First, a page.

Cam Newton doesn’t owe anyone anything, and he knows it

AUSTIN HAMM Sports Editor

Welcome to this week’s column, in which I stand on my insignificant soapbox and anger as many people as I can. Cam Newton abruptly ended his post-Super Bowl press conference by saying “I’m done, man,” and walking off the stage. This, of course, set off a widespread reaction by people in and out of the media about his immaturity.

I get this, at least in part. Newton has been as flamboyantly successful as any NFL player in recent memory this season, and that rubbed a lot of people the wrong way. And I can see how he got that reaction. The confidence he exudes can easily be seen as arrogance, and when he names his firstborn son Chosen, it gets even easier. So when he was handed a difficult situation and didn’t handle it with absolute professionalism the vultures swooped in, basically calling “AH HA!” on his misstep.

But those same people are apparently turning a blind eye toward what some of the victorious Broncos said in their own post game pressers. For example, cornerback Chris Harris was literally saying the Denver’s game plan was to call Newton out, and was saying that well within Cam’s earshot, which is what many speculate as what led to Newton’s abrupt departure. Not that Harris was saying anything particularly offensive, but can anyone blame Cam for having a struggle sitting there listening to that in light of his falling short on his biggest stage as a professional?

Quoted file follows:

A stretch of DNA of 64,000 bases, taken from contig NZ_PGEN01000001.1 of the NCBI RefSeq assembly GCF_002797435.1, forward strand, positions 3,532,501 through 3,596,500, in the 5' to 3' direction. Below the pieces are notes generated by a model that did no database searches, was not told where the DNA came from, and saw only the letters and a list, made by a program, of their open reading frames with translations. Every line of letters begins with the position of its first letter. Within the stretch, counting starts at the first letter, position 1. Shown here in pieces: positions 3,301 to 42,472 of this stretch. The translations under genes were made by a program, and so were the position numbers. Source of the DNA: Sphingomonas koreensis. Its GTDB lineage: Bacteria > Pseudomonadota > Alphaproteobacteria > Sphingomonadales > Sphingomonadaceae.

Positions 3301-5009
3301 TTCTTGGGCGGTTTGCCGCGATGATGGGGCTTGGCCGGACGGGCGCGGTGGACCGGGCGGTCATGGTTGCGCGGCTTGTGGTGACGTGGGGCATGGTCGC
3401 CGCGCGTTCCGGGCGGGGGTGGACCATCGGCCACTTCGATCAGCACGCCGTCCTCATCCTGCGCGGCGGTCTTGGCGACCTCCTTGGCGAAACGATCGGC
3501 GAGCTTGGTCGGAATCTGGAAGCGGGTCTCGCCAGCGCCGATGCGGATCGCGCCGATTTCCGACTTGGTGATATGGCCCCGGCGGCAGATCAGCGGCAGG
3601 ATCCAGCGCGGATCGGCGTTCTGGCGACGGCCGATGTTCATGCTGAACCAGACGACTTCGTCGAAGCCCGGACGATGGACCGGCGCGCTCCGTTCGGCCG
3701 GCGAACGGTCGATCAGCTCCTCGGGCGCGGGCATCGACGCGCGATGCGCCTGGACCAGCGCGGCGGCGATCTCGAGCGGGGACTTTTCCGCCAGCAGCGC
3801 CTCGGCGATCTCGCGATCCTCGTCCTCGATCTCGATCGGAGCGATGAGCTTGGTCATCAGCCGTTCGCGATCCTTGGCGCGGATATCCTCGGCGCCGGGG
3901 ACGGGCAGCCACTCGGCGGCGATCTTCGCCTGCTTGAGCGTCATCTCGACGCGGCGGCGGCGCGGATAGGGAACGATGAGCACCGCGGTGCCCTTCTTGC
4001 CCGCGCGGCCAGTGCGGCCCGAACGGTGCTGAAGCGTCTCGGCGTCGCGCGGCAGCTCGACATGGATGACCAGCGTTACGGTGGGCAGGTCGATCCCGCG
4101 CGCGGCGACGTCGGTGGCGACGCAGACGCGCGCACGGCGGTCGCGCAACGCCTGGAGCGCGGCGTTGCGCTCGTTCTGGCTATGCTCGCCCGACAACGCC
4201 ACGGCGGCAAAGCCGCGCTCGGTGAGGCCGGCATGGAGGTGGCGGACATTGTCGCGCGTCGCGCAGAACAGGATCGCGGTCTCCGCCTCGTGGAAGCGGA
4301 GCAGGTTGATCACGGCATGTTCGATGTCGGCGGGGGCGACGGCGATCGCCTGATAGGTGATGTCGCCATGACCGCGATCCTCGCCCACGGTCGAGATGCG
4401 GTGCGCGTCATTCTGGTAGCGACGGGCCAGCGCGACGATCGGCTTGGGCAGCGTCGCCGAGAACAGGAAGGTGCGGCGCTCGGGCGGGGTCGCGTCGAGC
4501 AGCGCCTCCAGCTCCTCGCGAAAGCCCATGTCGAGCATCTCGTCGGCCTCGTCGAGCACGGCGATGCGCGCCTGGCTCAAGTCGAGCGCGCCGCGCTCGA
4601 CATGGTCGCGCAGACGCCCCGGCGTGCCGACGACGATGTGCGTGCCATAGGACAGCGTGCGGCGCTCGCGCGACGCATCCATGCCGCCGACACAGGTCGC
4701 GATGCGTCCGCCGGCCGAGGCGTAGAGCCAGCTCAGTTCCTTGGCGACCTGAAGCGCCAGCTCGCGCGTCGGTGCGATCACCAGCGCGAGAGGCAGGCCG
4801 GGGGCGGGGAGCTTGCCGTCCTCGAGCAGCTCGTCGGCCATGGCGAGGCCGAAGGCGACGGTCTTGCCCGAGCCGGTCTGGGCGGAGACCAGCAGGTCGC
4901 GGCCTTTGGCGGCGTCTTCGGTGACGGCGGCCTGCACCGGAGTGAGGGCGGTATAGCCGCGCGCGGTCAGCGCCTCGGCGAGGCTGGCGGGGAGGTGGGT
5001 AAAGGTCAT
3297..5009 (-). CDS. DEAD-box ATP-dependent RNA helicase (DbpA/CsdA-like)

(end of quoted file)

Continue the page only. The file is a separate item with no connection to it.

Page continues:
And how about Aquib Talib? “You’re looking gorgeous, baby. We’re gonna get it in tonight,” he said in his postgame press conference. Where’s the outrage about that one? No one wants to yell about the incredibly inappropriate remark just because he won the game. It’s a known fact that winning absolves nearly all sins, but the discrepancy seems a bit much here.

But this all stems from the fact that people seem so upset with Cam for walking off the podium. And that stems from an even bigger, stupider problem, which is the fact that athletes are expected to be shiny role models.

This is something I’ve taken issue with for quite a while. What has an athlete done to warrant the burden/pedestal of a role model? Some athletes choose to be that role model, but the flaw here comes form the fact that because some want to be the role model, we force that mold on the entirety of professional sports. Charles Barkley didn’t want to be a role model. Maybe Cam Newton doesn’t either.

But once again, I seem to be digressing from my main point. Everyone cares so much about Cam walking out of that press conference. Except Cam, who spoke to reporters Tuesday and said that if he offended anyone “It’s cool.” That will likely make a large contingent mad, particularly the entitled members of the media. But honestly, who cares? Obviously not Cam. He doesn’t owe anyone anything after this season and that Super Bowl, and that’s what needs to be remembered.